From our Chair: Surprise over Government decision not to fund flood prevention plan
Chair Peter Scott shares his opinion on the Government's decision around a flood prevention plan.
I am feeling deflated and disappointed by the lack of Government foresight and investment in flood protection for our region.
As the regional council in New Zealand’s largest region, it feels like we are being neglected when it comes to the future-proofing of the region. I know others feel the same.
That’s not to say support isn’t needed for areas badly impacted by Cyclone Gabrielle — we received considerable support during the earthquake recovery, so we know the response up north is critical — however, to not invest in the protection of other at-risk areas in Waitaha is short-sighted.
Flooding is the number one natural disaster in New Zealand and, with the impacts of climate change becoming more significant and frequent, we are at risk here in Canterbury.
Along with other regional councils, we made a joint submission to the Government asking for co-investment in a major flood protection programme.
Our proposal was for central and local governments to co-invest $257 million over the next three years, to fund 92 urgent flood protection projects across Aotearoa.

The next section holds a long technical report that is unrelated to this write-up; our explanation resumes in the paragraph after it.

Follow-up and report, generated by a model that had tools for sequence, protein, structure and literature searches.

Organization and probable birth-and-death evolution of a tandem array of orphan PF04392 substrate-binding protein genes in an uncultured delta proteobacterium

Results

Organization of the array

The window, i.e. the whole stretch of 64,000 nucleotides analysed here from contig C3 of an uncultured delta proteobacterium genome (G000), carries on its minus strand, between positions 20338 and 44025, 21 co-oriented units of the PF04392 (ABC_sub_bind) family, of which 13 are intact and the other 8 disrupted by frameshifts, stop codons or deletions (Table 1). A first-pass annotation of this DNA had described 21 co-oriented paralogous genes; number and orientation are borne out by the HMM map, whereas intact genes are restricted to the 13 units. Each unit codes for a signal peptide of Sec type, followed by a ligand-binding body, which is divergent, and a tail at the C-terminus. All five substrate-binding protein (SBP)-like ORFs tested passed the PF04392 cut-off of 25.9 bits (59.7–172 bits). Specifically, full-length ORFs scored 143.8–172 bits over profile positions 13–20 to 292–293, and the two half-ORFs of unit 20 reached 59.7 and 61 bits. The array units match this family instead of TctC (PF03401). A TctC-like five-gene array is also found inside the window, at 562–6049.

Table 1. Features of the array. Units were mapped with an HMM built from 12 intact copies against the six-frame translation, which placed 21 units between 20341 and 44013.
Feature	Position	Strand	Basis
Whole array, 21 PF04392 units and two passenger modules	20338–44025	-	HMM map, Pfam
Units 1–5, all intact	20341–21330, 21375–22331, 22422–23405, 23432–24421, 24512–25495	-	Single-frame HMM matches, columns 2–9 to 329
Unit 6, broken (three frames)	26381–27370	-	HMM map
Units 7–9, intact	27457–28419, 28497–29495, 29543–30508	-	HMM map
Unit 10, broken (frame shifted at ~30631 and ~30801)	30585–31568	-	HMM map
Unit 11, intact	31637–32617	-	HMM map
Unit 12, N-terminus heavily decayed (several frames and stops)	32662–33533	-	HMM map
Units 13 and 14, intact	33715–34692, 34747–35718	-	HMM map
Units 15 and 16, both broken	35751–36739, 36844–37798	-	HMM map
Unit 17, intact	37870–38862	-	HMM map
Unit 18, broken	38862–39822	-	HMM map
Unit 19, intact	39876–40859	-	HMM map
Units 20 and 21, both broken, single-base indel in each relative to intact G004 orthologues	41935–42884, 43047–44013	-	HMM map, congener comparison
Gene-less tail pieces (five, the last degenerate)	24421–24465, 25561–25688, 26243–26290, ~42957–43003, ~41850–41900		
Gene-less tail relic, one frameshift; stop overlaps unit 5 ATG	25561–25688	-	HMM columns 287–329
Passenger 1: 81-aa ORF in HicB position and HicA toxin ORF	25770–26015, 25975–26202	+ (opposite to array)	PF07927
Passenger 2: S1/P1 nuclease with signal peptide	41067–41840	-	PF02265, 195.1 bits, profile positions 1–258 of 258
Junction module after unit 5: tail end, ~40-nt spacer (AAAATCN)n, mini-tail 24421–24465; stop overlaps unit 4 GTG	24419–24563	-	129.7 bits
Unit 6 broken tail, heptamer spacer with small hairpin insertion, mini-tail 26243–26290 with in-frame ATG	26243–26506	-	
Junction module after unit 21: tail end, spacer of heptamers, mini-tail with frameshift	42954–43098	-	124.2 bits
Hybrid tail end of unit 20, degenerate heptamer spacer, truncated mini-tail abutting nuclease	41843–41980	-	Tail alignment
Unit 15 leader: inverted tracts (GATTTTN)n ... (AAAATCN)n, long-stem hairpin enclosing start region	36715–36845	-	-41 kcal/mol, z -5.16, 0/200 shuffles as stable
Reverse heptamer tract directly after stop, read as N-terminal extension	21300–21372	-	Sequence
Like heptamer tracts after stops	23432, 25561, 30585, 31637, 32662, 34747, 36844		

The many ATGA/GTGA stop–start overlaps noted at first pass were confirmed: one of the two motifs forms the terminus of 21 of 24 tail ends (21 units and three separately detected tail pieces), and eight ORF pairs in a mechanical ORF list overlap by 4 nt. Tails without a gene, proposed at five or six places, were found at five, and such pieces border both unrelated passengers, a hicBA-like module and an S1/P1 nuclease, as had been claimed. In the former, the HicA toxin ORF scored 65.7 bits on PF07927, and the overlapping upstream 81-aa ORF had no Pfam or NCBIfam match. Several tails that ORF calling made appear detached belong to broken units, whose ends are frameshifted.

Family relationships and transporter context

We have been asking central Government to co-invest with us in flood prevention measures and river management since 1989, however, it has been ratepayers across the country footing the bill.
The recent devastation of Cyclone Gabrielle could happen anywhere in the South Island, and we shouldn’t wait for that to happen before taking action. Prevention is still better than a cure.
We thought we had a strong case for funding in the 2023 Budget, especially given what’s at risk if there is significant flooding along our 78,000 kilometres of river systems. That includes national assets such as Waka Kotahi NZ Transport Agency roads, KiwiRail bridges that run near rivers, power, and internet infrastructure — which would all be impacted, and disrupt our supply chains in the event of another major flood event.
And that doesn’t factor in our ongoing ability to live in some areas, or people’s ability to get insurance or how events might impact on premiums — a sad reality that some families in the badly affected areas of the North Island are grappling with.
I am hoping that this decision by the Government isn’t final. I will be working over the coming days and weeks with my regional colleagues around the country to make sure our concerns are heard in Wellington.